The Long Trail, 1910

The 3 Musketeers

Preparations for hiking Vermont’s 270-mile Long Trail, the first long-distance wilderness hiking trail in America, have changed considerably since the first Long Trail Guide was published in 1917. Men were advised to wear “ordinary height shoes with hobnails, felt hat, ‘generous sized’ silk bandana, inch-wide leather belt with cup attached, wool underwear, wool shirt and stout wool trousers,” while female hikers should have high-laced boots with “Hungarian nails,” and wear bloomers.

Oral history transcriptions

Click a name below for more information. All transcripts are in PDF format.

  • Catherine Robbins Clifford
  • John T. Cowles

    Background information

    James P. TaylorSitting in his tent in the rain or the side of Stratton Mountain in 1909, James P. Taylor conceived of the idea of a long trail running along the ridges of the spine of the Green Mountains from the Massachusetts line to the Canadian border. One year later, in 1910, the Green Mountain Club formed and began work cutting the trail, with just twenty-three members and $100 in the bank. In this visionary conception of an unimproved trail cut through dense woods to provide rewarding hiking experiences in wilderness settings, James Taylor proceeded by more than ten years the conception of the Appalachian Trail, which now runs from Maine to Georgia. In 1930 the final link of the Trail was cut near the Canadian border.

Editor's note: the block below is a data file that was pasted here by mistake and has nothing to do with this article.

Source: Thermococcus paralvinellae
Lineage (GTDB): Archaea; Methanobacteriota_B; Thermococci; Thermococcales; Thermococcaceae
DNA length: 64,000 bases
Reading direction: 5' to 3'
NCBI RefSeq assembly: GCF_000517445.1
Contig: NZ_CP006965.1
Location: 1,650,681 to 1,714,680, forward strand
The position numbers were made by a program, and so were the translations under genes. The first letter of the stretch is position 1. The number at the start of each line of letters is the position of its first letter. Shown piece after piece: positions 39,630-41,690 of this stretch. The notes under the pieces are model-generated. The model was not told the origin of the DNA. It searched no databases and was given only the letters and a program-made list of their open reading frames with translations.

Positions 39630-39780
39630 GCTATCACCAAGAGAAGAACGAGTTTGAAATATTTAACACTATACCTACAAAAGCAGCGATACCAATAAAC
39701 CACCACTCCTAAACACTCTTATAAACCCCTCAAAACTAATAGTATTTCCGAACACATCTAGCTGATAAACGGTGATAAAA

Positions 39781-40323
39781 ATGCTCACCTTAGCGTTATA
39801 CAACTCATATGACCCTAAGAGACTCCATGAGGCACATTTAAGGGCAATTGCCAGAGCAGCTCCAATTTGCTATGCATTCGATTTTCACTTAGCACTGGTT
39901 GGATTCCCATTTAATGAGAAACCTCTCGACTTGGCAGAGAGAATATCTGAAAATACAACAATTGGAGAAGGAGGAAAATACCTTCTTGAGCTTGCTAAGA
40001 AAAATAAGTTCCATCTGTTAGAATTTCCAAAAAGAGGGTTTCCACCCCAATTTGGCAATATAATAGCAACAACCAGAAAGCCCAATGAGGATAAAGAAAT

Today, the GMC’s over 10,000 members are involved in difficult environmental problems facing the popular and often over-used Long Trail. Now, every year thousands of hikers travel the 445 miles of the Long Trail system, which includes the end-to-end trail, side trails, and spur trails. This heavy use provides recreation and spectacular views of the mountains and valleys of the state, but also causes erosion of the trails and creates a large waste disposal problem, while acid rain and other atmospheric pollutants are damaging the fragile ridge top ecosystems.

    Yet caretakers again reside during the hiking season in twenty of the seventy overnight shelter areas. Enthusiastic hikers and supporters of the GMC continue to pledge to protect the unique resource of the Long Trail, known from its beginning as “a footpath in the wilderness.”

    Further reading

    “History of the Long Trail.” Green Mountain Club web site:

    Long Trail Guide (26th Edition). Waterbury Ctr., Vt.: Green Mountain Club, 2007.

    Jane Curtis, Will Curtis, and Frank Lieberman. Green Mountain Adventure: Vermont's Long Trail: An Illustrated History. Montpelier, Vt.: The Green Mountain Club, 1985.

    Tom Slayton, ed. A Century in the Mountains: Celebrating Vermont’s Long Trail. Waterbury Ctr., Vt.: The Green Mountain Club, 2009.

    Citation for this page

    Woodsmoke Productions and Vermont Historical Society, “The Long Trail,” The Green Mountain Chronicles radio broadcast and background information, original broadcast 1988-89.

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